Section III of McElroy’s book provides an interesting historical excursion of ideas from individuals who have impacted the author’s libertarian journey. Moreover, the section highlights one of McElroy’s themes that ideas are not simply abstractions that exist apart from the day-to-day living of the Everyman & Woman. Ideas are not separate from people. And ideas have their impact through the passionate way that people live them out. The biographical sketches that the author produces in this section are both interesting and inspiring. Readers will become familiar with La Boetie, Voltaire, Thoreau, Garrison, and Hoiles. Several questions are addressed through the short discussions of these individuals’ lives. La Boetie addresses the question: Why should people obey unjust laws? Voltaire explores the question of how one navigates the relationship between freedom and tolerance. Although one hears the adage repeatedly that it takes the masses to change, or, you can’t fight city hall, a sketch of William Lloyd Garrison’s work addresses the question as to whether or not one person can truly make a difference. And furthering the theme of the work regarding the art of living, an inspiring discussion of R. C. Hoiles’ stance against the interment of Japanese in America during WW II, calls forth the idea of how an individual’s choice to live excellently might impact other people’s lives and become a shrine of how we should all strive to live out our passions and values. McElroy has a passion for ideas and readings in the history of ideas. And this section displays that passion in a manner that seamlessly fits the overall theme or her work.

Creating a Free Society

Having laid the theoretical foundations and discussed how to apply those foundations along with some historical examples of individuals who lived out ideas of liberty, Section IV deals with the how of bringing about free society. Rather than offering dictates to the masses, McElroy discusses the importance of various grassroots movements taking place in America, ranging from the fathers’ rights movements to advocates for homeschooling, and the growing public concern over the police state and abuse. She calls for us to ask what we can do in our own backyard in combating and eventually abolishing the State. Although as a libertarian, McElroy doesn’t have set rules for how everyone should live, there are some principles on which she stands and calls for us to consider. We must address the question of evil and banality of evil. What do we consider to be evil, and how do we stand against what we consider evil? We must confront the question of whether or not America is now a police state. If so, how did a supposedly free-loving people allow such a phenomenon to come into existence? Additionally, McElroy stands for an all-out abolition of the State as opposed to government by expedience and gradualism. Gradualism will only keep institutions of the State in tact. Because libertarians operate off the non-aggressive axiom, a call for an abolishment of the State is not a call for violent overthrow; but it is a call for individuals to stand against the State. Such actions as boycotts, refusing to support certain institutions financially, and not engaging in the political inanities of the day are some ways that people can diminish the State in their lives. The art of living free is not a project on the collective level, but one we each must strive to carve out in our own day-to-day lives and communities.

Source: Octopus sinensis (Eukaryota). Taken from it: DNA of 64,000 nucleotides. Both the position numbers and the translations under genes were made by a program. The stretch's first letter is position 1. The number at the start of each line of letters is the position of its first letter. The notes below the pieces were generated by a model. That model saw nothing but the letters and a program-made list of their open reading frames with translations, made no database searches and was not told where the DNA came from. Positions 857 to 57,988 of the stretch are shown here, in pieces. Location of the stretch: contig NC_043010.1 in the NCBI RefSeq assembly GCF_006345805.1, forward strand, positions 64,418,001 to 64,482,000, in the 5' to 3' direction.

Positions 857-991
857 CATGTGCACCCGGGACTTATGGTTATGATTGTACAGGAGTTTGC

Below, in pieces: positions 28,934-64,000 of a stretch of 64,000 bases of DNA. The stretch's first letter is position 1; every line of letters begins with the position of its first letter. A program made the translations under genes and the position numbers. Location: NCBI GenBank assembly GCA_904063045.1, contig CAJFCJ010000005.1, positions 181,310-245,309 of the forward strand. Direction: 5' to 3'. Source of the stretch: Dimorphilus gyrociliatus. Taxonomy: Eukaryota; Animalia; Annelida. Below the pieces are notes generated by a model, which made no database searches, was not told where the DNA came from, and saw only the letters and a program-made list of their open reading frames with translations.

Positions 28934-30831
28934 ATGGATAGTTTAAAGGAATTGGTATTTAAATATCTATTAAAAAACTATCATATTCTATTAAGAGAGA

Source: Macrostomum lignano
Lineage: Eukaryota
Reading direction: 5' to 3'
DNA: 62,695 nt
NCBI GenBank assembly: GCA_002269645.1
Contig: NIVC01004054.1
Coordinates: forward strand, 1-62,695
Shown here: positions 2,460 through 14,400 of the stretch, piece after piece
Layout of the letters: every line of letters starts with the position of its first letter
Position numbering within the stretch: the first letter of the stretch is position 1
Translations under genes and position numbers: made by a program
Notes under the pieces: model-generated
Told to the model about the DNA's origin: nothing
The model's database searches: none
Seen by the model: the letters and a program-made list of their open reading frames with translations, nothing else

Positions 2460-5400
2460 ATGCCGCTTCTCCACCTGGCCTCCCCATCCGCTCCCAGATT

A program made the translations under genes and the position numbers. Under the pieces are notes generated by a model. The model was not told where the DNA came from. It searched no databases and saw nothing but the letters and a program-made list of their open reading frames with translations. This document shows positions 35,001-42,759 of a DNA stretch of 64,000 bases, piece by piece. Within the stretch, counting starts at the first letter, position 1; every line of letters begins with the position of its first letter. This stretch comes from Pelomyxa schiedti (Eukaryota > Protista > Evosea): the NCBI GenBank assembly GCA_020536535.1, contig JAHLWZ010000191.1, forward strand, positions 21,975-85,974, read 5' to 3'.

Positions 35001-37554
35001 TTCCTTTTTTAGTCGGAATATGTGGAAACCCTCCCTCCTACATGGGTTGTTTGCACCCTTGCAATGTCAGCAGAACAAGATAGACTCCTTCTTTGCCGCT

Libertarianism is a movement for working people. McElroy’s work stresses the importance of the Everyman & Woman. Her work speaks to me on several levels since I have been associated with academia now for some twenty-odd years. The Art of Being Free, rather than being some inane political rallying point, calls forth the question for me as to how I want to live. Where do I go from here? How do I live out my ideas and passions? I am not sure I can answer that question within the confines of academia. But regardless of where we work, I believe that the questions and concerns raised by Wendy McElroy are both inspiring and challenging. Although we are called to the challenges that life presents, especially today in terms of the State, we are also here to live. So as we face these challenges that power and State thrust upon us, how might each of us take these challenges on, while at the same time choosing to live in spite of the State? The art of living free – The Art of Being Free – is found in living out our passions and values, and living them out, at least from my perspective, as though the State – and politics – are irrelevant to our lives.

[Note: I first came across Wendy McElroy’s writings via her website IFeminist.com. Since then, I have followed her blog and various writings.]

John V. Jones, Jr., Ph.D./May 14, 2015



A Journey Through Time and Mind

Book Review